Intermediate Algebra (12th Edition)

Published by Pearson
ISBN 10: 0321969359
ISBN 13: 978-0-32196-935-4

Chapter 7 - Section 7.2 - Rational Exponents - 7.2 Exercises: 69

Answer

$k^{2/3}$

Work Step by Step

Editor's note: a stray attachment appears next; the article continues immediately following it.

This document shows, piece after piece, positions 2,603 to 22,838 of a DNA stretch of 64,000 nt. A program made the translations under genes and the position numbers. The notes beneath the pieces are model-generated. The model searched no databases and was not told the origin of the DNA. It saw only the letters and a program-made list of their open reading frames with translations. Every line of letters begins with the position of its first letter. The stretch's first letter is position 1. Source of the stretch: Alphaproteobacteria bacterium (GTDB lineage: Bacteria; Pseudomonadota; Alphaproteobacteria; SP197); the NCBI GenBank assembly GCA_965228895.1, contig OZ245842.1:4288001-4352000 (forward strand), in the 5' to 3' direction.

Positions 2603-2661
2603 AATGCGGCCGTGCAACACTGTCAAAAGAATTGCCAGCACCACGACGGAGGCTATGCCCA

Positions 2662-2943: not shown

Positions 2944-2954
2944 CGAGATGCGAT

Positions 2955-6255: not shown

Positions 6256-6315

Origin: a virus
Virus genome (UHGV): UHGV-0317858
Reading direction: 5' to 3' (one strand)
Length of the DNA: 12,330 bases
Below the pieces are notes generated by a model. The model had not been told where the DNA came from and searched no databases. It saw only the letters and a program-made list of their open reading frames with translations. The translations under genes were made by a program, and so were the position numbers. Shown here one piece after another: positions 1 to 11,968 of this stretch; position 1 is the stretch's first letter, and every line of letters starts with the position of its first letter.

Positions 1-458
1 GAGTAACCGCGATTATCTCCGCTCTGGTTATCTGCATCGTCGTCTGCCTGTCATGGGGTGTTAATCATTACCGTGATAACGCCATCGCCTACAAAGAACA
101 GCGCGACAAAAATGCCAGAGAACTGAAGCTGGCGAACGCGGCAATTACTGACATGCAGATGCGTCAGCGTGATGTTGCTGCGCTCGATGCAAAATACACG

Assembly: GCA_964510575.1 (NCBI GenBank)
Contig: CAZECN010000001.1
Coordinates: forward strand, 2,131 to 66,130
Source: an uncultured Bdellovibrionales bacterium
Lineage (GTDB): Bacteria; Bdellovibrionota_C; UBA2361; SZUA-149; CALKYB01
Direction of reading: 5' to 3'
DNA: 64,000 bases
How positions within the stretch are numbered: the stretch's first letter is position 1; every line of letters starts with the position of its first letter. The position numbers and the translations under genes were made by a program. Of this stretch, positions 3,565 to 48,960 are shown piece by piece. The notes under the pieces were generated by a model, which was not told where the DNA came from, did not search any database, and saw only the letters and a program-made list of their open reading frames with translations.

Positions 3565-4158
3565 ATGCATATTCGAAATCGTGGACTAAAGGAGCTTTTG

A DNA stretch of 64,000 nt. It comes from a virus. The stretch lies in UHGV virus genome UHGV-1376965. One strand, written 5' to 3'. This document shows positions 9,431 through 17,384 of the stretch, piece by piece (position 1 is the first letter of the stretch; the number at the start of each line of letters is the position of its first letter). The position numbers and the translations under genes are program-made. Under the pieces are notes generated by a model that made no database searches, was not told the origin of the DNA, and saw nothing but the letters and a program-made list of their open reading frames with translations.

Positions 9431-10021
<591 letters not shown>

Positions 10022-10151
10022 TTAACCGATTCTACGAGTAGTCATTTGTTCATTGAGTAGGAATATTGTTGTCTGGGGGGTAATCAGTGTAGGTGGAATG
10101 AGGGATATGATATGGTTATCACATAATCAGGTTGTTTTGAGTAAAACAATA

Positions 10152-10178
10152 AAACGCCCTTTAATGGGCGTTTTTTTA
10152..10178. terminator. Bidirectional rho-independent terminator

$\bf{\text{Solution Outline:}}$ Use the laws of exponents to simplify the given expression, $ \dfrac{k^{1/3}}{k^{2/3}\cdot k^{-1}} .$ $\bf{\text{Solution Details:}}$ Using the Product Rule of the laws of exponents which is given by $x^m\cdot x^n=x^{m+n},$ the expression above is equivalent to \begin{array}{l}\require{cancel} \dfrac{k^{1/3}}{k^{\frac{2}{3}+(-1)}} \\\\= \dfrac{k^{1/3}}{k^{\frac{2}{3}-1}} .\end{array} Using the Quotient Rule of the laws of exponents which states that $\dfrac{x^m}{x^n}=x^{m-n},$ the expression above simplifies to \begin{array}{l}\require{cancel} k^{\frac{1}{3}-\left( \frac{2}{3}-1 \right)} \\\\= k^{\frac{1}{3}-\frac{2}{3}+1} .\end{array} To simplify the expression $ \dfrac{1}{3}-\dfrac{2}{3}+1 ,$ change the expressions to similar fractions (same denominator) by using the $LCD$. The $LCD$ of the denominators $ 3,3, $ and $ 1 $ is $ 3 $ since it is the lowest number that can be exactly divided by the denominators. Multiplying the terms by an expression equal to $1$ that will make the denominator equal to the $LCD$ results to \begin{array}{l}\require{cancel} k^{\frac{1}{3}-\frac{2}{3}+1\cdot\frac{3}{3}} \\\\= k^{\frac{1}{3}-\frac{2}{3}+\frac{3}{3}} \\\\= k^{\frac{2}{3}} \\\\= k^{2/3} .\end{array}
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